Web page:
7. If you’re at a young startup, start early

A company with just a handful of employees has the opportunity to build an inclusive and equitable workforce from the ground up. Hutchinson actually sees building DEI into a startup from its earliest days as an asset.

“The earlier you start thinking about these issues, and having these as your goals, embedding this into your culture, the better,” Hutchinson said. “The bigger you are, the harder this is to do. And then the more stuff you have to undo.”

A smaller company also gives employees the opportunity to have an impact. So if you work at a startup, and notice, hey, all the coders are young dudes from Ivy League schools, Hutchinson says you can try to influence your peers, and eventually your managers, to change the culture.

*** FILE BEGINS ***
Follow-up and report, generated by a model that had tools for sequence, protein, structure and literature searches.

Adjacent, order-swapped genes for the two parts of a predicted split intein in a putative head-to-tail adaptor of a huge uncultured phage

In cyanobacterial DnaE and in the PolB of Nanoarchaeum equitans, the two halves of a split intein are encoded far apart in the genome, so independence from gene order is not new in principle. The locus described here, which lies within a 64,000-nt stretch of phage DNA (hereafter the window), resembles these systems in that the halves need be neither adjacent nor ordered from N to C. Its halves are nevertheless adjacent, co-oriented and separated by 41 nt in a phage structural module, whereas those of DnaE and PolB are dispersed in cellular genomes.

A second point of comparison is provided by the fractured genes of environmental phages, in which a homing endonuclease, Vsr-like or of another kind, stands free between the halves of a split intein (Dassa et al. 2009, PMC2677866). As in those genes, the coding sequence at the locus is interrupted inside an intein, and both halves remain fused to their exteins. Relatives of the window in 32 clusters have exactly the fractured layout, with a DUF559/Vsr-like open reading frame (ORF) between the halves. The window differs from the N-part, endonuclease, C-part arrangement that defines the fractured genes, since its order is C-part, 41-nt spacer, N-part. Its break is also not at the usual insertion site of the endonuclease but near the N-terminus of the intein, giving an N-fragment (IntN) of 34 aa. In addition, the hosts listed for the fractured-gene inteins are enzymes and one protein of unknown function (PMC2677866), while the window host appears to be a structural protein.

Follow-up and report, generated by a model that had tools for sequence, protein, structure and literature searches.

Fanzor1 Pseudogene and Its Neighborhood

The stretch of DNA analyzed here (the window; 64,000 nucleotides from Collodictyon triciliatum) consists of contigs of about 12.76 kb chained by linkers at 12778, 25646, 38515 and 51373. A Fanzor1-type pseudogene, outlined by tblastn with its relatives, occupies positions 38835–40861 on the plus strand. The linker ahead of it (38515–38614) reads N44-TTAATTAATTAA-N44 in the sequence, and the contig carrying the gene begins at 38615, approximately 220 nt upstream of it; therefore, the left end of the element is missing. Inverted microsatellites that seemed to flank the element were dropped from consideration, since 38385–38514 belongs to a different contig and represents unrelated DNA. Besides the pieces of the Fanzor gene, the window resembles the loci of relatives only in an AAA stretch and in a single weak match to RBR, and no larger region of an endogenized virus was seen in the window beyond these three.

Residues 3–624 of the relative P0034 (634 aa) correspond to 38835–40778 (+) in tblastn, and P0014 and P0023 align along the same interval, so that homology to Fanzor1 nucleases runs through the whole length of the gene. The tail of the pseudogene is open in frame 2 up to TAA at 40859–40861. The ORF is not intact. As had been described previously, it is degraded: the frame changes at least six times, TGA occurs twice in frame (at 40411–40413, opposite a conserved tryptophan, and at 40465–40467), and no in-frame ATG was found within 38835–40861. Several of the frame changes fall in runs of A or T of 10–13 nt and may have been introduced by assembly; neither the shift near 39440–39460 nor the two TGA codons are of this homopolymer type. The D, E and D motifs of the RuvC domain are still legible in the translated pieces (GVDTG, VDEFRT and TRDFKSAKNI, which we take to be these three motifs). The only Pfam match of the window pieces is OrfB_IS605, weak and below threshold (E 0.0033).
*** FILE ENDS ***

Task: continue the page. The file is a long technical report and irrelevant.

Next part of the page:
8. Commit to a continual effort

Making sure your workplace is equitable is not a problem you can solve once, and expect to roll on forever. It is something that companies and employees will have to commit to over and over again. 

“The idea that organizations, workplaces by default are going to be inclusive, it’s fundamentally flawed,” Hutchinson said. “We’re just by default going to be exclusive, because that’s the way our labor and our workforce was built in America. And so we have to make conscious efforts over time to fix that. The job doesn’t really stop.”